I’ve written twice recently about frustrations as an Information Technology professional. Once about dealing with legacy code written by others and again about dealing with issues relating to mistakes made as an IT Professional. I felt it was only fair to present the other side of the story as well.
This week I’ve been working on an import routine that, when it is completed in a few days, will save a co-worker more than 16 hours a month in repetitive labor. This will also relieve the pressure that employee feels to always be in the office on certain days because she is the only person who can do this very time consuming and complicated task. The system will now be automated to the point where she can have anyone she designates run it and she only has to approve the changes before they are committed to the database.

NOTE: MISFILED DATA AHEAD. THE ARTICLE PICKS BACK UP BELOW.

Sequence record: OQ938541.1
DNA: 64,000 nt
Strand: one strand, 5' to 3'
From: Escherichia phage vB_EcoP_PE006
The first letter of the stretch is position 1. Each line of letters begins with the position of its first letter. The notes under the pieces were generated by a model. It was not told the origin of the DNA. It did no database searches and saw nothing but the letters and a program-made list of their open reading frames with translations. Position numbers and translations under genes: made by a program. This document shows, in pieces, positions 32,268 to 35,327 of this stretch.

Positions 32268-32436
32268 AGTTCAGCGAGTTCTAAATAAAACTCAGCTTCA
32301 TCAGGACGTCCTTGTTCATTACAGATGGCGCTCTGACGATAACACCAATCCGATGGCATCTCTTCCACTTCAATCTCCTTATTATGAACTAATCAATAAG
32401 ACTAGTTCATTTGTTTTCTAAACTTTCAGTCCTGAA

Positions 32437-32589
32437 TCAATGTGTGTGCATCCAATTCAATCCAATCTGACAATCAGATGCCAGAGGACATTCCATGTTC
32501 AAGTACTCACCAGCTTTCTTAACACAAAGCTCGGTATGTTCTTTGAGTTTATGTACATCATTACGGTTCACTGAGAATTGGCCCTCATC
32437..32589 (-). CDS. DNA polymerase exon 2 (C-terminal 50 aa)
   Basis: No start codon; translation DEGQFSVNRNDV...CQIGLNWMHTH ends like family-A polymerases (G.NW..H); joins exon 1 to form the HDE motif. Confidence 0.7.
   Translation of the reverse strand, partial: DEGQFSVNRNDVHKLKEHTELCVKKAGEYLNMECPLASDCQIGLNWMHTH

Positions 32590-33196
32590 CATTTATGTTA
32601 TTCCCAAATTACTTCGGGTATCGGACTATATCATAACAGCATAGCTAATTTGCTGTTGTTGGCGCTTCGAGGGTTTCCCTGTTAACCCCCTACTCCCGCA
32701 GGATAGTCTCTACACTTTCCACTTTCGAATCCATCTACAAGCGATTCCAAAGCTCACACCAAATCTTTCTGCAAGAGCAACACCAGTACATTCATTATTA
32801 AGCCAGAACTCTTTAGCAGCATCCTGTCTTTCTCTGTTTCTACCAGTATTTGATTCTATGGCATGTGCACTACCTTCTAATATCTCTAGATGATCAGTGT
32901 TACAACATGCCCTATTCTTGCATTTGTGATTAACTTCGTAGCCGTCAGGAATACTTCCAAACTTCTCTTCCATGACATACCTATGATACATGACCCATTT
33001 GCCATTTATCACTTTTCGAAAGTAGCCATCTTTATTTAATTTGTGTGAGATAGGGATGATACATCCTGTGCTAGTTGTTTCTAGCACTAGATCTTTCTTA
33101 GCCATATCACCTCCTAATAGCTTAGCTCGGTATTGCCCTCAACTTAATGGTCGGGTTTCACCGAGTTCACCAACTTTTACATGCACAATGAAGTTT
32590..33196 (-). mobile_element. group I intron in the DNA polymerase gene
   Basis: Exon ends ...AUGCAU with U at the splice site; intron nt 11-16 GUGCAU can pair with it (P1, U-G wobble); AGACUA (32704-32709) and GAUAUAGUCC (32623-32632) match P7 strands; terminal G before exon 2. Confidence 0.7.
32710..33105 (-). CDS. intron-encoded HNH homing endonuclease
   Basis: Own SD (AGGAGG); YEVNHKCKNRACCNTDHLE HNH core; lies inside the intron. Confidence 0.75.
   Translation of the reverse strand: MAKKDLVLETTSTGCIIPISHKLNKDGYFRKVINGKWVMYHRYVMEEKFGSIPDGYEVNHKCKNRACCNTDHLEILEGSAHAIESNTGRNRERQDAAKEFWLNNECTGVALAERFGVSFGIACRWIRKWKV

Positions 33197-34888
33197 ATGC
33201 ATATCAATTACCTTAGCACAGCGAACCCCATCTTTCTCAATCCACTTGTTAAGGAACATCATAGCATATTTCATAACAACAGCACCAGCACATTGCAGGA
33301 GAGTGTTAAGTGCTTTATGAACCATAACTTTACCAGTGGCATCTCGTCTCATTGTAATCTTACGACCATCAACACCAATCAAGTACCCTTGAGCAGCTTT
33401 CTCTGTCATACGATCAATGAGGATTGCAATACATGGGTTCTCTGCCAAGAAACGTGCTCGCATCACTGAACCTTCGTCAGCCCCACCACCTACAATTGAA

This is the feeling that IT professionals like to have. The feeling of having made a difference. Saving another employee time and freeing them from spending hours and hours entering data manually at the keyboard. This is why many developers got started in coding in the first place. I’m fond of telling people that the basic motivations for developers are laziness and control. We hate doing boring repetitive tasks. We would rather spend 10 hours automating a procedure than 2 hours of intensive data entry. Doing the former gives us a sense of accomplishment and stretches our minds to find creative solutions. The latter while faster in the short run will have to be done again at some point sooner or later and is unbearably dull.